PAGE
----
The other did likewise. He kept the quality manual deliberately vague. He said: “I don’t want it to be precise, that would give the assessor more things to pick on. If the specifics are there the assessors will focus on them. We were concerned to ensure that ISO 9000 would only be looked at from the point of view of how it might add value to the business, nothing else mattered. We integrated our management procedures within the quality manual, which is only ten pages long, and kept them to a minimum. For example, we have no self-generated work instructions, the work instructions are the customers’ drawings; our people use their brains and decide in each case how best to make them.”

In summary, Takaji Nishizawa sought to learn whether the same problems were occurring in both Japan and the UK and how people were dealing with such problems. He found that same problems were occurring and he was particularly concerned about the problems caused by the poor quality of auditors. The solution was for managers to take responsibility and lead rather than follow their auditors. For managers to lead in a productive way, it would help them significantly to know about the principles and practice of managing flow – the secret behind the Toyota production system. This is a prerequisite to the appropriate use of tools.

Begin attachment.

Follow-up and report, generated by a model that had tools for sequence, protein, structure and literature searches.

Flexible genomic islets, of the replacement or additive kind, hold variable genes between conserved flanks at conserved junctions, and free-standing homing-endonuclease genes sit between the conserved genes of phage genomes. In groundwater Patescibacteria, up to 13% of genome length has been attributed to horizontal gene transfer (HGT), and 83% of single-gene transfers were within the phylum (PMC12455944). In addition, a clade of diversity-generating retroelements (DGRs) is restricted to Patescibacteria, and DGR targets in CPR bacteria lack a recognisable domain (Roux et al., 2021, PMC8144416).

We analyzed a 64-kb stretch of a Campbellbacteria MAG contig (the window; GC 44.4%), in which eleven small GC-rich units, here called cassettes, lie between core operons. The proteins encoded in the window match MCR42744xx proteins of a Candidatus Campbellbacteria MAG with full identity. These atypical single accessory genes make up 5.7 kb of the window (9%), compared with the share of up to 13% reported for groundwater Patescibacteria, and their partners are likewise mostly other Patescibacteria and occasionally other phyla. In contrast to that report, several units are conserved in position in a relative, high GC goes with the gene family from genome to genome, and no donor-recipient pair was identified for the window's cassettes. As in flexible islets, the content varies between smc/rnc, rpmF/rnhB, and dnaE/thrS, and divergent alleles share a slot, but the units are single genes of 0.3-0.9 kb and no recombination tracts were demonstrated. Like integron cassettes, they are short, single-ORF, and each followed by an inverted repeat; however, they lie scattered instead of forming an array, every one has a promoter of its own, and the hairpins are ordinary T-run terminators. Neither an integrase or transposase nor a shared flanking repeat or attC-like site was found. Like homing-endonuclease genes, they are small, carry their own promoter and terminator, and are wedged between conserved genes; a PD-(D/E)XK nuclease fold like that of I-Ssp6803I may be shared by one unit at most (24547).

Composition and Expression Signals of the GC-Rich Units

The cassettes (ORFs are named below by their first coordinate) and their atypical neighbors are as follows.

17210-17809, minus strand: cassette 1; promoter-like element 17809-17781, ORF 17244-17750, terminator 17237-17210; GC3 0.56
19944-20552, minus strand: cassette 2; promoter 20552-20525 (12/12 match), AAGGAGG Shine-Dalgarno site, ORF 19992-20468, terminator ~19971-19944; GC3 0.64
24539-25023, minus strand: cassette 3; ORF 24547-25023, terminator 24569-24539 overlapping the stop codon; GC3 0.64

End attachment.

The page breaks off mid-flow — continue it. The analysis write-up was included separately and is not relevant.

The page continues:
But of course ISO 9000 says nothing about any of that… why on earth do we call it a quality standard?


This is an excerpt from my forthcoming book – “The Case Against ISO 9000” – second edition. In this revision I maintain my attack on the Standard, criticising the new version, ISO 9000: 2000 and proposing a better standard based on systems thinking. The second edition of “The Case Against ISO 9000” will be published in October / November 2000. If you are registered to receive this e-newsletter, you will be told the date of publication